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‘The historic old house lady’

Brandy Brubaker August 22, 2014 0

Photo by Brandy Brubaker.

Ken and Sue Moffet are the current owners of the 18th century Seven Springs Estate. Photo by Brandy Brubaker.

Cindy Saufley Barnett has taken on an interesting reputation among her fellow Richmond real estate agents.

An agent with Long & Foster, Barnett has three 18th-century houses on the market in nearby King William County and another she just listed in Surry County.

Several of Barnett’s other current listings are homes built in the 1800s, and she has one from the early 1900s.

“I’ve become known as the historic old house lady,” she said.

On Monday, Barnett toured three of her 18th Century listings – Seven Springs, Warsaw and Hollyfield – with a potential buyer from Northern Virginia. The homes are about 25 miles from Richmond.

Seven Springs was built between 1725 and 1740. Courtesy of CVRMLS.

Seven Springs was built between 1725 and 1740. Courtesy of CVRMLS.

Ken and Sue Moffet, current owners of Seven Springs, relied on Barnett to help them find the early 18th-century estate when they were searching for a historic home a few years ago. The then-Texans explored dozens of listings all over the country before choosing Seven Springs.

“When we drove in the front gate, we said, ‘Oh my golly,’” Ken Moffet said. “When we went home on Sunday, we left a contract.”

The Moffets have listed the 7,000-square-foot home at 6831 Dabneys Mill Road in Manquin for $1.192 million.

According to a history of the home, Seven Springs was built for either Capt. George Dabney I, the first sheriff of King William County, or his son, George II.

Retired from dual careers as a pilot and investment manager, Ken Moffet said he loves tending to the property’s 107 acres.

“They built this house and were one of the early settlers in what became King William County – and our job is to take care of it,” he said.

Barnett said she’s shown Seven Springs four times since listing it in late July.

“Most of these buyers, they’ll look at 30 to 50 houses before buying one,” Barnett said.

She said she’s had interest in the property from California, the Washington, D.C. area, as well as here in Richmond. In past sales, she’s had buyers come all the way from Singapore and Belgium for the right Richmond home.

Although properties of this age are marketed on websites throughout the world, finding just the right person for historic homes can be a challenge.

The Warsaw house is Barnett's oldest current listing. Courtesy of CVRMLS.

The Warsaw house is Barnett’s oldest current listing. Courtesy of CVRMLS.

“It’s a unique buyer,” Barnett said. “You’ve got to have someone who understands old houses, appreciates the history of it and, like the Moffets, wants to be a good steward of it.”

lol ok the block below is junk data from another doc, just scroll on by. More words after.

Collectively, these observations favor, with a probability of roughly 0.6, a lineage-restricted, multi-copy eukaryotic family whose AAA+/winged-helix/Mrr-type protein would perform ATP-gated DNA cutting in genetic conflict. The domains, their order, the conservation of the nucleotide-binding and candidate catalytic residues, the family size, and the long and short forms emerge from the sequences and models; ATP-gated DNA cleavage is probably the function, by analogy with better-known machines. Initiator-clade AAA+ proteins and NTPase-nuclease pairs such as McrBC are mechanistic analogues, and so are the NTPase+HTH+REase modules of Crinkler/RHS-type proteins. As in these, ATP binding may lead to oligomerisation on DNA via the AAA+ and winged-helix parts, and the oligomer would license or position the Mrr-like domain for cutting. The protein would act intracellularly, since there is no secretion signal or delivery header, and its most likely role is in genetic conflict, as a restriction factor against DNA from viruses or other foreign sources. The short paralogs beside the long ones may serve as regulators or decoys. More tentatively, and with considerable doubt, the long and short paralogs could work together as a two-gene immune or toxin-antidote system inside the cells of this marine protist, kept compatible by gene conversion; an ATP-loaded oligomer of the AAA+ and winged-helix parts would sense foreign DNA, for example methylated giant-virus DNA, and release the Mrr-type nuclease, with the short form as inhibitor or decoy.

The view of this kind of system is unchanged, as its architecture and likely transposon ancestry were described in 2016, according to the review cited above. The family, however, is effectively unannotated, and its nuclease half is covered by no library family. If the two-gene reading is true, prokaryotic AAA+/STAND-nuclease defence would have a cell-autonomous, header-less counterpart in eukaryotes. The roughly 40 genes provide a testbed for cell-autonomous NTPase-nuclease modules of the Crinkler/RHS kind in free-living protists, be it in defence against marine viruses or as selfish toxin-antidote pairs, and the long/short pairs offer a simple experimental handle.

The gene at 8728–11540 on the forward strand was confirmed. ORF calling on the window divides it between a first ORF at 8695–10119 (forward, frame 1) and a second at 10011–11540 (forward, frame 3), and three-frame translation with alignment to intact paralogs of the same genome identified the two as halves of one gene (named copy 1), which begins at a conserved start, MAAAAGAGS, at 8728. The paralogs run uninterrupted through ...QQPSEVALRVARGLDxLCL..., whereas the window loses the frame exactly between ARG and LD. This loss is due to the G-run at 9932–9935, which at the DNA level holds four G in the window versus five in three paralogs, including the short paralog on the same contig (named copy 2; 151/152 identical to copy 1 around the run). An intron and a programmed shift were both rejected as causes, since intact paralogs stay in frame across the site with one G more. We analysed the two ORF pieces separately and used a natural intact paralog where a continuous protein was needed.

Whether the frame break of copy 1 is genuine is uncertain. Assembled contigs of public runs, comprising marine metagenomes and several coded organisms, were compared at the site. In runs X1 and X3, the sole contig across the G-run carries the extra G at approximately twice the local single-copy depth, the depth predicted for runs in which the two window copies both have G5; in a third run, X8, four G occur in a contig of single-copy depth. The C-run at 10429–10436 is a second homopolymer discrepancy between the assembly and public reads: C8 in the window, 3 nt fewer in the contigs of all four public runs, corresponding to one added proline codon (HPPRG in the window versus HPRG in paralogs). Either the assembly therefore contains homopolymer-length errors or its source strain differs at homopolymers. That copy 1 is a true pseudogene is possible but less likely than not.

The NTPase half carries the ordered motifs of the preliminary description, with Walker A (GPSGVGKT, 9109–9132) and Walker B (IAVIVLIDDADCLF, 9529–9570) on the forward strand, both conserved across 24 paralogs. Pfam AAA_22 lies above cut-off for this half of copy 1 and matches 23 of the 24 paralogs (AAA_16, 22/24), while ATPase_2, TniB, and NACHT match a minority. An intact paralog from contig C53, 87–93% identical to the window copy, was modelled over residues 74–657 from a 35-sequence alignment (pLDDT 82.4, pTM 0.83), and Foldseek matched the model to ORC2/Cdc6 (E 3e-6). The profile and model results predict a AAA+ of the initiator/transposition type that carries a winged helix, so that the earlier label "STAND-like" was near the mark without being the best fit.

Warsaw is currently her oldest listing. It was built around 1700 at 3938 Upshaw Road in Aylett and is for sale for $899,000.

Hollyfield, at 689 Hollyfield Lane in Manquin, was built in 1750. As the story was told to Barnett, the home was once visited by George Washington’s sister. It is listed for $1.1 million.

The Surry County house, at 1549 Laurel Springs Road in Spring Grove, was built in 1750 and is for sale for $852,000.

Barnett isn’t the only local agent who picks up historic home listings.

Sherry Gilliam of Long & Foster has the listing for Mill Quarter Plantation. The 1770-built Powhatan home, which once belonged to a member of one of Virginia’s first families, is for sale for $1.19 million.

Re/Max Commonwealth agent Richard Buckingham worked with Premiere Estates Auction Company of New York and Los Angeles on the $17.8 million sale of an 18th-century Prince George County estate earlier this year. Thomas Jefferson supposedly designed parts of the plantation’s 7,773-square-foot main house.

In building a niche for these sorts of listings, Barnett said she’s relied often on local appraisers who know she specializes in rural and historic estates and think of her if a client needs help selling a house.

She also said believes her country upbringing helps her understand and appreciate the subject matter. Barnett said she was raised on a farm and loves the land and the dependencies that typically come with grand old estates. She got more involved in older houses through her husband, Bill, a land broker who often came across historic houses people wanted to sell while putting together deals in rural areas.

“The homes are exciting,” Barnett said. “The people who own them are interesting,”

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